Google Wallet is basically Google's version of Paypal; a service you can use to pay for goods and services either online or using an Android equipped with a Secure Element microcontroller. I wrote about Google Wallet about a year ago to examine how it works, what credit cards it can be linked with (all major ones) and which phones are eligible to run it.
At the time of my original article only a fairly limited set of phones were capable of using Google Wallet due to the need for the secure element chip. While iPhones remain out of the mix, the upcoming Android 4.4 KitKat OS will include a feature called "NFC Host Card Emulation," which will allow any Android 4.4 device to use Google Wallet to pay for items in stores that have NFC readers installed.
In addition, last year I stated Google Wallet would be available on a physical card at a later date. That date is now.
Why would I use a physical Google Wallet?
The attraction to a tangible Google Wallet card is that you can associate it with any number of credit and/or debit cards, so instead of carrying a heap of plastic you can just carry one card. It also allows you to take cash out of ATMs ($300/day) without a Google-based fee (though the bank can and likely will charge a fee). You can spend up to $5000 every 24 hours. However, it should be noted that you must transfer money from your source bank/credit card into your Google Wallet account so it will be ready for use, and you must replenish your account as needed.
There are also some overall Wallet benefits; you can send money to people via email. Google also provides purchase protection for Wallet-based transactions, whereby you will be 100% reimbursed for any unauthorized transactions within 6 months of the purchase date.
What's in it for Google?
Google doesn't provide entirely Wallet for free; there are some fees involved. For instance, there is a 2.9 percent per transaction fee when sending money to/from a credit or debit card. As with many services they get name recognition out of the arrangement as well as continuing to provide "one stop shopping" for users who rely on an array of Google products. Finally, it's likely that they are looking at spending habits to get more insight into user habits, which of course translates to targeted advertising or profitable marketing data.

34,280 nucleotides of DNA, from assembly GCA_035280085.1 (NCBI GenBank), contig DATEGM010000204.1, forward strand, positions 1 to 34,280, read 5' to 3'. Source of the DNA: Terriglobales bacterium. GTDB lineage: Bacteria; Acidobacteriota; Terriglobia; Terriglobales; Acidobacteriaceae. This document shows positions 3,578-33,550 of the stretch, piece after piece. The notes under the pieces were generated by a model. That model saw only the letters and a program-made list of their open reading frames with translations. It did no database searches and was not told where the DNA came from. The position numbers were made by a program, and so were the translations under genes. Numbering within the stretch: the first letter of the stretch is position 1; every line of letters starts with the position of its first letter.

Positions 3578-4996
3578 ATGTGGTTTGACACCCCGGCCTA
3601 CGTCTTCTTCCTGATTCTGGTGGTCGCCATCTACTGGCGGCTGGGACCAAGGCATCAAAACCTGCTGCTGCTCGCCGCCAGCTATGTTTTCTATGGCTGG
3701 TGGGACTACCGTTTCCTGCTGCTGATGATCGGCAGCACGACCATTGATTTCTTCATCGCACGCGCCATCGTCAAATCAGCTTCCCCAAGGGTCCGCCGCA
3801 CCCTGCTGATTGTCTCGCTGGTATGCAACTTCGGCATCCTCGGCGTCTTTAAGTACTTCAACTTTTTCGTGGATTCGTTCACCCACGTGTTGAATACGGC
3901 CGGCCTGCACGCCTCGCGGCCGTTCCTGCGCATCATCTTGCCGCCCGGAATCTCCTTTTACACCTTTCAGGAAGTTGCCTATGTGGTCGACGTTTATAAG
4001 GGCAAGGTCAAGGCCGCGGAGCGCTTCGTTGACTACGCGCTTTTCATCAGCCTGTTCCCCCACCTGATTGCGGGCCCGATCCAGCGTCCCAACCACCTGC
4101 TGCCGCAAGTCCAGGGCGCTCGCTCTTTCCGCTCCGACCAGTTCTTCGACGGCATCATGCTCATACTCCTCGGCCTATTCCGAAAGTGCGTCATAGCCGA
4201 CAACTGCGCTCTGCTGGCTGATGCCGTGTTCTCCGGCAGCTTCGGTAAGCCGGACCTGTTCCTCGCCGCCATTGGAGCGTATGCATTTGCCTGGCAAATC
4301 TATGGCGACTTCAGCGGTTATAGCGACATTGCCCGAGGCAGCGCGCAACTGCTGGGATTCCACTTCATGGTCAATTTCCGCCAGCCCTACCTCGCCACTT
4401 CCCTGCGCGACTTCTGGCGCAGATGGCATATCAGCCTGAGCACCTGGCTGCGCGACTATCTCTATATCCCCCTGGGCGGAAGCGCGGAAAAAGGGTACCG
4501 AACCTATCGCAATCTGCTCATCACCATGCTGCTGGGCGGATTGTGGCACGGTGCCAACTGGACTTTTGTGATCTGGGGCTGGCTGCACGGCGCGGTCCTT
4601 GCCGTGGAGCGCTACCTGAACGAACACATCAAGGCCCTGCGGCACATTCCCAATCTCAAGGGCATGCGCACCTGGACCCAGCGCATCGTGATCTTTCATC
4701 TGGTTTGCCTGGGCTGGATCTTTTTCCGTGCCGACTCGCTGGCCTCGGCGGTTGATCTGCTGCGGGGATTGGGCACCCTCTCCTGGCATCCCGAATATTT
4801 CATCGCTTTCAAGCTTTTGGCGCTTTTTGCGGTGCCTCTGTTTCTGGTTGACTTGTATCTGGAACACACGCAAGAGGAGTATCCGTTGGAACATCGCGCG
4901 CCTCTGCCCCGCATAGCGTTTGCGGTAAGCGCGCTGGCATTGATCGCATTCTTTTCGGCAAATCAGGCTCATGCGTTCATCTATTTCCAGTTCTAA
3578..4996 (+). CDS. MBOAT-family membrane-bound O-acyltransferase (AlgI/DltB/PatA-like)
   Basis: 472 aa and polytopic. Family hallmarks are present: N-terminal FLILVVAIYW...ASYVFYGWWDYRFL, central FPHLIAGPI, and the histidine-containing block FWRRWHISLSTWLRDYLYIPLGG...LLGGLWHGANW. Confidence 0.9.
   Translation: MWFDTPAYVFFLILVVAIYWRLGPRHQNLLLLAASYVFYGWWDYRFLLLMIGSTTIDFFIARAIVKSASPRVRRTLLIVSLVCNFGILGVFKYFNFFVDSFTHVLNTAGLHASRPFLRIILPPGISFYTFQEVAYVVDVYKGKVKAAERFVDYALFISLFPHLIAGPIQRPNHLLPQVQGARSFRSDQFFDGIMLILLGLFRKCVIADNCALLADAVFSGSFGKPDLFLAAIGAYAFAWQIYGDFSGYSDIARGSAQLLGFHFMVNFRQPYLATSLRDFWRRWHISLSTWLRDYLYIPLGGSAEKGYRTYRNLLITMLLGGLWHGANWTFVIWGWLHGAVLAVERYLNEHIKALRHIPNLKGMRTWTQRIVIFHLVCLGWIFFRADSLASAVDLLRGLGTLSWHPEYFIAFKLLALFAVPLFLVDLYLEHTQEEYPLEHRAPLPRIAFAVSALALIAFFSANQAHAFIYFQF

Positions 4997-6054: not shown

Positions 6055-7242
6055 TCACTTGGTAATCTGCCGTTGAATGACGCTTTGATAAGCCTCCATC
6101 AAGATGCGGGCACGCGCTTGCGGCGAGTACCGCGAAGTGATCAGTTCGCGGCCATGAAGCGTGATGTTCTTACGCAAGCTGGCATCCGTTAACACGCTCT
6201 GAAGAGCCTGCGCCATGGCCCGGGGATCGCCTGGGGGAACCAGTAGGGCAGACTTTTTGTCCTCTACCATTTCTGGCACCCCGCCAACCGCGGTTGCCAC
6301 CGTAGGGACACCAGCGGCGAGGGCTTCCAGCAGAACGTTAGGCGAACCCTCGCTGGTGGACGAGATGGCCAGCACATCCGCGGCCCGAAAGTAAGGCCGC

Where can I use a Google Wallet card?
This is where it gets easy. Stores and businesses don't need to install NFC readers to accept Google Wallet cards; any establishment which takes MasterCard can do so. However, at present it will only work in the U.S. due to the fact it has a magstripe which can't be read in other countries as they use EMV technology instead.
How do I get my own Google Wallet card?
In either case if you haven't done so already, you'll need to verify your identity, which involves providing your name, address, date of birth and the last 4 digits of your social security number. You can then add a bank account or debit/credit card if needed.
To request the card using the Google Wallet app on your Android, open the program. The main screen will appear as shown:
Tap "Wallet Balance."
Scroll down and you will see the "Get the Google Wallet card" section:
Tap "Get your card."
You will need to confirm your delivery address then tap "Send it to me."
Once the card arrives it must be activated, the same as any other kind of physical card. This is done either online or through the Wallet app.
Where can I learn more about using Google Wallet?Google's "Google Wallet for Business" page has a lot of good information, and there is also a FAQ available which covers all the details.
Scott Matteson is a senior systems administrator and freelance technical writer who also performs consulting work for small organizations. He resides in the Greater Boston area with his wife and three children.